able to get Sanskrit books and the leisure time to read them.
> When very few brahmins are doing that today, most brahmins of modern India
> (or the world) don't qualify at all to be called as brahmins.
But they can do it. They just need to make the effort.
> Actually, this is not a recent issue, and is one of the objections
> the Buddha raised against the caste system of the time, when a number of
> brahmins were wealthy and corrupt. I know Buddhism is not to be discussed
> on this list, but the Dhammapada the basic buddhist book of morals and
> guidelines has a section on who a true brahmin is (in the Buddha's eyes),
> which I believe is not far from what our own smRtis say, and is worth
Actually it is pre-Buddhistic. There has always been a certain tension in
Indian culture between te worldly, and ascetic lifes. What is new is all
these uninformed modern types who try and make a hodge-podge of the two.
> Regarding Ramana Maharishi's views on AtmavicAra, can the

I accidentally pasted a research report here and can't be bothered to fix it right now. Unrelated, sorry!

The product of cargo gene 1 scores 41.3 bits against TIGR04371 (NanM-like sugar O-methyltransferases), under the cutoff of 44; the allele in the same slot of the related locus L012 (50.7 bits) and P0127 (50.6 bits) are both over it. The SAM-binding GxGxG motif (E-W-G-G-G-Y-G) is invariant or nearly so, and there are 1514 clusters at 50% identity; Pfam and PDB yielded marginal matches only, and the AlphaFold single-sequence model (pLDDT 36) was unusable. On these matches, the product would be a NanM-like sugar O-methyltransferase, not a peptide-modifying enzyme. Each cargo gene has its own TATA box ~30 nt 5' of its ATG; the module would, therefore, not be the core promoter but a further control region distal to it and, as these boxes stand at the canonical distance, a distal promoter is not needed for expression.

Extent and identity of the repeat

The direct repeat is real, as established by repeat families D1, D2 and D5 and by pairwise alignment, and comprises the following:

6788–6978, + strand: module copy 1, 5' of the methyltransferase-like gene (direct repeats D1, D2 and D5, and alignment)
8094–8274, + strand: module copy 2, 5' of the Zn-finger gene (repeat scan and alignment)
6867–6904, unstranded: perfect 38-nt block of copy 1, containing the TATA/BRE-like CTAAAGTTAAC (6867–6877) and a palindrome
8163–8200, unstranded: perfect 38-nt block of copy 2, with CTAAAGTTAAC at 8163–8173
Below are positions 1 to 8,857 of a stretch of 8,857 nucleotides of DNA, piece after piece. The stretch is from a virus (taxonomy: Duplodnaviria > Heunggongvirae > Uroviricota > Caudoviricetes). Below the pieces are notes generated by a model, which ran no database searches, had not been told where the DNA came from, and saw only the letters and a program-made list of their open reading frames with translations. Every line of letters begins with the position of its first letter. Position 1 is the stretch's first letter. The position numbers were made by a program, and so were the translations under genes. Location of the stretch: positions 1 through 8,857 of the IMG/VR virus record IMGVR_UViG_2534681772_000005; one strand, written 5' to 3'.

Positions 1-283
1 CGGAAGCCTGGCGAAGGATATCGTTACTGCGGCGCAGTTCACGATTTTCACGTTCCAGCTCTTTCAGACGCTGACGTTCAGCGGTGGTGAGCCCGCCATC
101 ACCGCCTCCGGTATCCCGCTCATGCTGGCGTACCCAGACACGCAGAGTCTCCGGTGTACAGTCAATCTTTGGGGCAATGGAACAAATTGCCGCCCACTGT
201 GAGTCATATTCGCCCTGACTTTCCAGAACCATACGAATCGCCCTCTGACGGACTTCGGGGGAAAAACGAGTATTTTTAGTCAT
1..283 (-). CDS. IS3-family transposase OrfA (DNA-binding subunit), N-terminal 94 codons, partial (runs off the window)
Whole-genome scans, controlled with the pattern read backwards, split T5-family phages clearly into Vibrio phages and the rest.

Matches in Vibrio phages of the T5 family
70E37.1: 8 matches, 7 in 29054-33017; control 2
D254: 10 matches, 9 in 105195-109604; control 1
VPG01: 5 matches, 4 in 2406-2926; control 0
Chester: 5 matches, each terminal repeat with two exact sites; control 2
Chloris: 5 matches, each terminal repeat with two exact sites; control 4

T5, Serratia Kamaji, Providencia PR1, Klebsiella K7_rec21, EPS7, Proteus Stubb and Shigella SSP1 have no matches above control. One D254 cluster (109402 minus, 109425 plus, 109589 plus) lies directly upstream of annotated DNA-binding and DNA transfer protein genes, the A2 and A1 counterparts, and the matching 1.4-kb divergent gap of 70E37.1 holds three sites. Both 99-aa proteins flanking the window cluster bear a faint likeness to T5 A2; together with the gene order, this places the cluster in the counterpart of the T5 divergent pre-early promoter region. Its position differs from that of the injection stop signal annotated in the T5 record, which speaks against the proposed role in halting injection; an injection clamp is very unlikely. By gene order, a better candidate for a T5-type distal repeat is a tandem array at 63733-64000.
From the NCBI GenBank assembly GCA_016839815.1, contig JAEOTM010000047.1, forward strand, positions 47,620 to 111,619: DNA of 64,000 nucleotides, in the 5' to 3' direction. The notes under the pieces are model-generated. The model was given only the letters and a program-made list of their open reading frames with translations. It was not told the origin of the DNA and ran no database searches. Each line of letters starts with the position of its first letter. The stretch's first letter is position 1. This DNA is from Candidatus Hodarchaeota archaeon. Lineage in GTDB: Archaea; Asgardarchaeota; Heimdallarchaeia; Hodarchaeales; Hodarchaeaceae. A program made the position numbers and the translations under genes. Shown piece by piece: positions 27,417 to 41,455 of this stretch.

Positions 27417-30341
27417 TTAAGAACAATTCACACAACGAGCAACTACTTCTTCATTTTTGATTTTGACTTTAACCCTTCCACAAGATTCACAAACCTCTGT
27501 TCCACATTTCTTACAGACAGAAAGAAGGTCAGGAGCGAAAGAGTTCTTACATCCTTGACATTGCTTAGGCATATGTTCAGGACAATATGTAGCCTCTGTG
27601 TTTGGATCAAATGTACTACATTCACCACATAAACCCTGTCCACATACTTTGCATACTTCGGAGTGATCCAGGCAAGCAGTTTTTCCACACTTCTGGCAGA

> interpretation be that one should indeed give an important place to
> AtmavicAra, but should in fact, devote one's entire life to it, without
> any regard for comfort, wealth, and even food (living on begging or on
> chance, etc.). I think Sankaracharya is strict on this issue, right?
Well He is very clear that Moksha is the exclusive province of the
sannyasi and the best a grhastha can do is the preliminaries. But that
doesn't make the grhasthashram invalid or even inferior, just designed for
a different type of person.
> Certainly, one should not live comfortably in America, try to
> increase one's wealth and comfort, and when asked whether one should not
> contribute positively to the society, answer and say one is doing
> AtmavicAra? Is it not that these (social works) are essential social
> obligations of the present age, which must be forsaken for AtmavicAra only
> if at the same time the "good" things of social life, like comfort,
> pleasure, etc. are aso forsaken? Is trying to use Ramana Maharishi's
> philosophy as a justification for not doing social service while enjoying
> the benefits of the society, not a form of escapism as Madhavan Srinivasan
The problem with the argument as formulated above is that it makes a false
oposition between Dharma and social service as if they were north and
south poles. A good deal of Dharma is concerned with other people and a
good deal of "social service" is injurious rather than helpful to society.
Jaldhar H. Vyas <jaldhar at braincells.com>